The cycle for any commodity follows the same basic pattern…
When prices are low, production falls. As new supplies diminish, the market tightens and prices move higher. The higher prices incentivize producers to invest in production capacity and increase output. Eventually, the market becomes oversupplied, prices fall, and the cycle starts all over again.
Of course, this is a simplified model of what drives commodity cycles. Booms and busts can be amplified and extended by speculators, by unexpected shifts in demand, or even by interventions from central banks and governments.
Regardless of the causes, commodity markets will always be cyclical in nature. Commodities as a group can be pressured upward or downward by extrinsic forces such as monetary inflation or credit contraction.
However, any individual commodity – whether oil, corn, copper, gold, silver, platinum, or palladium – may be in its particular stage within the commodity cycle at any given time.
As a resource investor, it’s important to have some idea of whether you’re investing in a commodity at a time in the cycle when it’s favorable to do so. Some technical analysts ascribe four-year cycles to some markets, longer duration cycles to others, and shorter-term cycles that operate within longer-term cycles. The reality is that cycles can’t be counted on to run their course within any prescribed time frame.
There are historical patterns and tendencies, to be sure. Gold, for example, tends to be less correlated to swings in the economy than oil and industrial commodities. Gold can remain a major trend for years or even decades.
Gold prices crashed from $850/oz in 1980 to $300/oz in 1982. It wasn’t until 2002 that gold crossed above the $300 level for the final time. The new gold bull market rose out of a 20-year base and reached a cyclical high of $1,900 in 2011. A four-year downturn followed, and since 2016 a new cyclical upturn appears to be taking shape.
Commodities Are Moving into a Diminishing Supply Phase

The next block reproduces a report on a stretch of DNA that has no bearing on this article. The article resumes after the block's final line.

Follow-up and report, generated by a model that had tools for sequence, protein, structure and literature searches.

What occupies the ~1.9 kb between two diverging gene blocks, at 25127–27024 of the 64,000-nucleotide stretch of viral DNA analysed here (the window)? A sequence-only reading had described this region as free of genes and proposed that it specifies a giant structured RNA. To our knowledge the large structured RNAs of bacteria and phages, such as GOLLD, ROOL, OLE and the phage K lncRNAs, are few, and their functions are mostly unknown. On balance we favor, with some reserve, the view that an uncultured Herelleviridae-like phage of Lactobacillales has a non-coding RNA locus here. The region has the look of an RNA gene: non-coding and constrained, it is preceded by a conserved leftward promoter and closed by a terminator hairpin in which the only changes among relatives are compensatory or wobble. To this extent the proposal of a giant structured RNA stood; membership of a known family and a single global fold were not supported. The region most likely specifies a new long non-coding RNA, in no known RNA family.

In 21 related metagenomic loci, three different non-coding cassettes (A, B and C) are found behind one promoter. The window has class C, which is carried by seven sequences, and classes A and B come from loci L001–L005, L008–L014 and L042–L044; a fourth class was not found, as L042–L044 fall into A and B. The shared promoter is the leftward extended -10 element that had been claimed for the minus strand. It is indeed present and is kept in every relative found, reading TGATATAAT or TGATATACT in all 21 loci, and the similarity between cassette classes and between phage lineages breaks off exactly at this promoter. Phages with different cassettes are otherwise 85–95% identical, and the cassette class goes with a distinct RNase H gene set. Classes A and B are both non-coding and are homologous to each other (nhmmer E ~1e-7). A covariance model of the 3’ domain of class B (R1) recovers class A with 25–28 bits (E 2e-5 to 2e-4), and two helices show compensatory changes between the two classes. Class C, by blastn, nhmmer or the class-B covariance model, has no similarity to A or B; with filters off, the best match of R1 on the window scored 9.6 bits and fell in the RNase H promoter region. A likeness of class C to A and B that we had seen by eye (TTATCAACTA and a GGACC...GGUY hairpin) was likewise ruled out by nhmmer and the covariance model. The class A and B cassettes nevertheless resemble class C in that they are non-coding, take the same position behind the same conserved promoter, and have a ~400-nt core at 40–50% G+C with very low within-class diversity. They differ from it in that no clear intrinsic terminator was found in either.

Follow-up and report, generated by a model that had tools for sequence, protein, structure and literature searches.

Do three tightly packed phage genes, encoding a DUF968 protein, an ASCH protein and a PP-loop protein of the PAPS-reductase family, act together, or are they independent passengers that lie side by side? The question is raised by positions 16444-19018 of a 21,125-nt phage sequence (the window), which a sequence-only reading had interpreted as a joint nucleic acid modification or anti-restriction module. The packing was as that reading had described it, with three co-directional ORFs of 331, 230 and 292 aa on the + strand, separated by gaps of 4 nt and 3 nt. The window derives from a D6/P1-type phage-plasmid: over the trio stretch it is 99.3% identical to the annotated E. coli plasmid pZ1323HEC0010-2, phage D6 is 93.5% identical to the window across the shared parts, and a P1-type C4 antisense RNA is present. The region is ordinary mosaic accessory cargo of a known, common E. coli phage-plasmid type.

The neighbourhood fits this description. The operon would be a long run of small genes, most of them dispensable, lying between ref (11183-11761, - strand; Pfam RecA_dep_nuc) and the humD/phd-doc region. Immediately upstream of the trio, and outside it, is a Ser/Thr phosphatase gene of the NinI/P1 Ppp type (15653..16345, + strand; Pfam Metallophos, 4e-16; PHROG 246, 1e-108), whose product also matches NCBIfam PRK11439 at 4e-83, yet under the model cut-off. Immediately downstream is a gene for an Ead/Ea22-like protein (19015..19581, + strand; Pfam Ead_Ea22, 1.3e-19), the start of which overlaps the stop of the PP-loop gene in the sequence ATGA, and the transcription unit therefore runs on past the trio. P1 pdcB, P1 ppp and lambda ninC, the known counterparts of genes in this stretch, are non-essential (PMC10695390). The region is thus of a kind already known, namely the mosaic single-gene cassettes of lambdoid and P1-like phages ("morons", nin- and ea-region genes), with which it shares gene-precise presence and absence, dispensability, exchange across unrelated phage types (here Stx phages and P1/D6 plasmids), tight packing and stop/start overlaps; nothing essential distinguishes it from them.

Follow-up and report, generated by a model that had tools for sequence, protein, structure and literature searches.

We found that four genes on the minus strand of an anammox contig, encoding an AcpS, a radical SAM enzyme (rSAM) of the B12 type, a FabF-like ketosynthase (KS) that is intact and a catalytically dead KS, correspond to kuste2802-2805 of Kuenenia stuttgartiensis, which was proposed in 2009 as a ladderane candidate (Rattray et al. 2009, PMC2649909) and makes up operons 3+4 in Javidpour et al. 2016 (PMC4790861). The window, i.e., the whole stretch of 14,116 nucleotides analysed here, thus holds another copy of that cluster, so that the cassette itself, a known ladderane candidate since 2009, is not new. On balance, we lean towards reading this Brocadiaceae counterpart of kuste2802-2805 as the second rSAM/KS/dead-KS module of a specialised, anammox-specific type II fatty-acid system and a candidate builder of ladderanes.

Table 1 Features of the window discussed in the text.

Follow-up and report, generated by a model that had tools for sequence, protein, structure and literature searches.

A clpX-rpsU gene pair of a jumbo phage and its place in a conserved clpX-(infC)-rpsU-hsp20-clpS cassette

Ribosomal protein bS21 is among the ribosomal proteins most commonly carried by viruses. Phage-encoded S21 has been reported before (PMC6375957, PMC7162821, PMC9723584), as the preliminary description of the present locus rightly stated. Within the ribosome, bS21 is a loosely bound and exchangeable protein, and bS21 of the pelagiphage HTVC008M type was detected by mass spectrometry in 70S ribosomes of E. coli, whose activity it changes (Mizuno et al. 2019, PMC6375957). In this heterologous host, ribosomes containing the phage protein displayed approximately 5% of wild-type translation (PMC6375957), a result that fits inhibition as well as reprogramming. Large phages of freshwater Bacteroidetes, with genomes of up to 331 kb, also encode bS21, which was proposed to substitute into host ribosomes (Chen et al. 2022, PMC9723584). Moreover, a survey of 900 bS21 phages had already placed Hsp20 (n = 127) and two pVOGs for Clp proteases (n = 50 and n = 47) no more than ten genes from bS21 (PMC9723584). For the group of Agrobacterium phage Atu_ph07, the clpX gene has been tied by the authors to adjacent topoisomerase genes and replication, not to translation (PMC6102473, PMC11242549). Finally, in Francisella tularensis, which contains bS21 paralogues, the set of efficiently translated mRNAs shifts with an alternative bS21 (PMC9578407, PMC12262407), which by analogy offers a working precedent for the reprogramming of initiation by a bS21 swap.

Chart reading is always a tenuous undertaking, but when combined with supply and demand fundamentals, it can help investors identify favorable times to be a buyer or sellers. Right now it appears that gold, silver, oil, and other commodities are transitioning one by one into a period in the commodity cycle of diminishing supply.
In the case of crude oil, which is the most economically important and most widely followed commodity, the major storyline in recent months has been a supply glut.
North American shale production has swelled inventories in the U.S. But oil prices have been quietly advancing.
What does the market know that isn’t showing up in all the seemingly bearish headlines for oil? The longer-term supply outlook augers for shortfalls… and much higher prices. According to the International Energy Agency (IEA), new oil discoveries in 2016 sunk to their lowest number in decades.
The oil industry slashed spending on developing new supplies in response to low prices. ExxonMobil, for one, cut its capital expenditures by 26% ($10 billion) in 2016.
The IEA warns that to offset recent declines and meet rising global demand, the oil industry needs to develop 18 billion new barrels every year between 2017 and 2025. Oil’s recent price range in the mid $40s to mid $50s per barrel doesn’t seem to be incentivizing the necessary new production capacity. Higher prices appear to be in store over the next few years.
Mining Is an Energy-Intensive Business
Higher energy costs would mean higher production costs for the gold and silver mining industry. Mines are already having to process more and more tons of earth to extract ounces of valuable metals.
According to metals analyst Steve St. Angelo, “The global silver mining industry will continue to process more ore to produce the same or less silver in the future. While the cost of energy has declined over the past few years, falling ore grades will continue to put pressure on the silver mining industry going forward.”
Physical precious metals are, in a very real sense, a form of stored energy. Think of all the energy inputs required to move the earth, to separate relatively tiny quantities of precious metals from tons upon tons of rock and dirt, to refine the raw ore into pure gold, silver, platinum, or palladium, and finally to mint the precious metal into bullion products.
All those energy inputs are represented in the value that markets impute to precious metals. Trends in prices will reflect trends in production costs. And production costs will rise as it becomes harder and more energy intensive to mine metals.
A position in physical gold and silver should be viewed as a core long-term holding. However, there are some times in the commodity cycle that are more favorable than others for buying.
There are times when you may even want to sell a portion of your position. Right now, the cycle appears to be in the early stages of turning bullish for commodity prices – making it a favorable time to be taking out long positions in hard assets.
About the Author:
Stefan Gleason is President of Money Metals Exchange, the company recently named "Best Overall Online Precious Metals Dealer" by Investopedia. A graduate of the University of Florida, Gleason is a seasoned business leader, investor, political strategist, and grassroots activist. Gleason has frequently appeared on national television networks such as CNN, FoxNews, and CNBC and in hundreds of publications such as the Wall Street Journal, TheStreet, and Seeking Alpha.